Over $300 Billion Repatriated to US So Far in 2018, Setting Record

The numbers prove that President Trump’s policy of economic nationalism works, despite “trade war” concerns drummed up by the mainstream media and beltway think tanks.

Over $300 Billion Repatriated to US So Far in 2018, Setting Record

The Bureau of Economic Analysis (BEA) announced that over $300 billion was repatriated to the United States during the first quarter of 2018, setting a new record.

Businesses are taking advantage of the tax reform law, as well as President Trump’s strong focus on protectionist trade, by bringing their overseas profits to America rather than investing it overseas.

By comparison, only $38 billion was repatriated to the United States around this time last year, Fox Business reports.

This news comes on the heel of other positive economic news, providing President Trump and Republicans with an opportunity to score some easy points with voters ahead of the midterms. The most recent data available shows that unemployment dropped to 3.8% in May, an 18-year low that was below market expectations, as employment rose by 293,000.

Also, economic growth has been chugging along nicely at a pace of 2.2% in the first quarter of 2018 and many analysts expect economic growth to pick up in the second quarter of 2018.

All of this good news about our economy comes as the mainstream media and inside-the-beltway think tanks warn about a so-called “trade war” wrecking the economy. For example, the IMF and CNBC recently drew comparisons between Trump’s economic policies and the Great Depression.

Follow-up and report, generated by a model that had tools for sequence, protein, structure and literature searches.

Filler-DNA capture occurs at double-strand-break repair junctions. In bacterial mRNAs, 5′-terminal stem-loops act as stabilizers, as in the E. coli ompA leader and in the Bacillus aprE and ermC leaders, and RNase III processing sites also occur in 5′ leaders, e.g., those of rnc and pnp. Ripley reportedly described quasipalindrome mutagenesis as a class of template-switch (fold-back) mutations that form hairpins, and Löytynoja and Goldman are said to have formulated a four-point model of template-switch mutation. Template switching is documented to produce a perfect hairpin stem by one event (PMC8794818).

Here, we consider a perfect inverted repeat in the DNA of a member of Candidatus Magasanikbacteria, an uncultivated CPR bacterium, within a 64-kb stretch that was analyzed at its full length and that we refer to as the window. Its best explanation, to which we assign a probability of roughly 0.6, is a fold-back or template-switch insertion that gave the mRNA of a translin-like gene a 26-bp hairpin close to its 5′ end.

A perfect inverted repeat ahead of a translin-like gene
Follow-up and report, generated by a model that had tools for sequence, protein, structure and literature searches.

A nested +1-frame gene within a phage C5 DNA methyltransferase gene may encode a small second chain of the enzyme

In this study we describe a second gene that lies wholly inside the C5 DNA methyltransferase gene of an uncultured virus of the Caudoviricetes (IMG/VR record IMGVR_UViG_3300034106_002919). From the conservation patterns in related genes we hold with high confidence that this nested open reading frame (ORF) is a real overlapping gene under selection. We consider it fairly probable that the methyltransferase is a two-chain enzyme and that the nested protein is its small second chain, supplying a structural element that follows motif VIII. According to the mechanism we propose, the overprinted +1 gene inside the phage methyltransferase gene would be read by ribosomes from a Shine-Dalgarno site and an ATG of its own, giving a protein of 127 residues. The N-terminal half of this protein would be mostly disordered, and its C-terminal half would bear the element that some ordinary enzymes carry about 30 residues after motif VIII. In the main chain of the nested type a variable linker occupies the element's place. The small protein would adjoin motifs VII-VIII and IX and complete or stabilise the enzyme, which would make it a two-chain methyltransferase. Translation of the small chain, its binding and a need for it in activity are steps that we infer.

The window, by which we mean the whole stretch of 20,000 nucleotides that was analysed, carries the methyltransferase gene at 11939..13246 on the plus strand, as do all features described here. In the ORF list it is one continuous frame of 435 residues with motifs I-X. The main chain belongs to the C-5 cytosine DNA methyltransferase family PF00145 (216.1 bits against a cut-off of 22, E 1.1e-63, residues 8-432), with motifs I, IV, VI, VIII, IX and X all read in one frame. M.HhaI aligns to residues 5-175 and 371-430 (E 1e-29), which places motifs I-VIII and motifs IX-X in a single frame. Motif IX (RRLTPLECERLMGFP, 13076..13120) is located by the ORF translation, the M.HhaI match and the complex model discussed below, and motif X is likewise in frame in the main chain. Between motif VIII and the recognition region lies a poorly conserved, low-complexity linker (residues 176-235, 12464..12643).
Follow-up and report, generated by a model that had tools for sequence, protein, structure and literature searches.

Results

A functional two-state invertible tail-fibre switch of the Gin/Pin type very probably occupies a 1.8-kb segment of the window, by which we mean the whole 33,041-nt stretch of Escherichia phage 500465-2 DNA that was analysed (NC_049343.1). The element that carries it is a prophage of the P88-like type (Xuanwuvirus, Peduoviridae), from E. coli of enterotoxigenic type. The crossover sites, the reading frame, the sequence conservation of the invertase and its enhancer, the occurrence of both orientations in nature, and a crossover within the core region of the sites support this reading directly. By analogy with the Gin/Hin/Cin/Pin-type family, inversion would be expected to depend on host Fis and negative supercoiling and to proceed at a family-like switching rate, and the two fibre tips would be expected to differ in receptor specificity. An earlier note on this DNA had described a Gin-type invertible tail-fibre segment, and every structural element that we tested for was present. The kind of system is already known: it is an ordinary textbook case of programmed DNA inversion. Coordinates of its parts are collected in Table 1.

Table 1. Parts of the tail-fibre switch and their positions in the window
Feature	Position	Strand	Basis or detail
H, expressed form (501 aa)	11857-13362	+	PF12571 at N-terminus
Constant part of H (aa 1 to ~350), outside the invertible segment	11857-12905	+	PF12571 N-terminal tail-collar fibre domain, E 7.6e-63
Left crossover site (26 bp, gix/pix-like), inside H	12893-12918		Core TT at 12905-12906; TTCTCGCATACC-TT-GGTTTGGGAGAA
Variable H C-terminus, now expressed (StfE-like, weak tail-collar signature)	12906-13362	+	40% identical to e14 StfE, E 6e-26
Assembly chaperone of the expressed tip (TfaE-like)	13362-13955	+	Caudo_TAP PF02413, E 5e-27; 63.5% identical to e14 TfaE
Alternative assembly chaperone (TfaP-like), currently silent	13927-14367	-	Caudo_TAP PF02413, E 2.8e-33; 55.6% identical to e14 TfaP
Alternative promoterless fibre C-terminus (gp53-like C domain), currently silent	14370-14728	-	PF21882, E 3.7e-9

Politico warned that “Trump’s trade battles with Mexico, Canada, the European Union and China could wind up increasing costs for consumers while destabilizing markets and global supply chains.”

The Bank of America and CNN Money warned that a “major global trade confrontation would likely push the US and the rest of the world to the brink of a recession.”

Cato, a Koch-funded libertarian think tank, recently asked “when will consumers feel the pinch from Trump’s escalating trade war?”

The Chamber of Commerce warned that Trump’s trade policy will spark retaliations, which in turn “will have serious negative economic impacts on the United States.”

Yet despite all of these dire predictions, warnings, and kvetching from the mainstream media, international organizations, beltway think tanks, and corporate lobbies, the economy has been chugging along nicely, proving, perhaps once and for all, that economic nationalism works even when political elites try their best to sabotage it.


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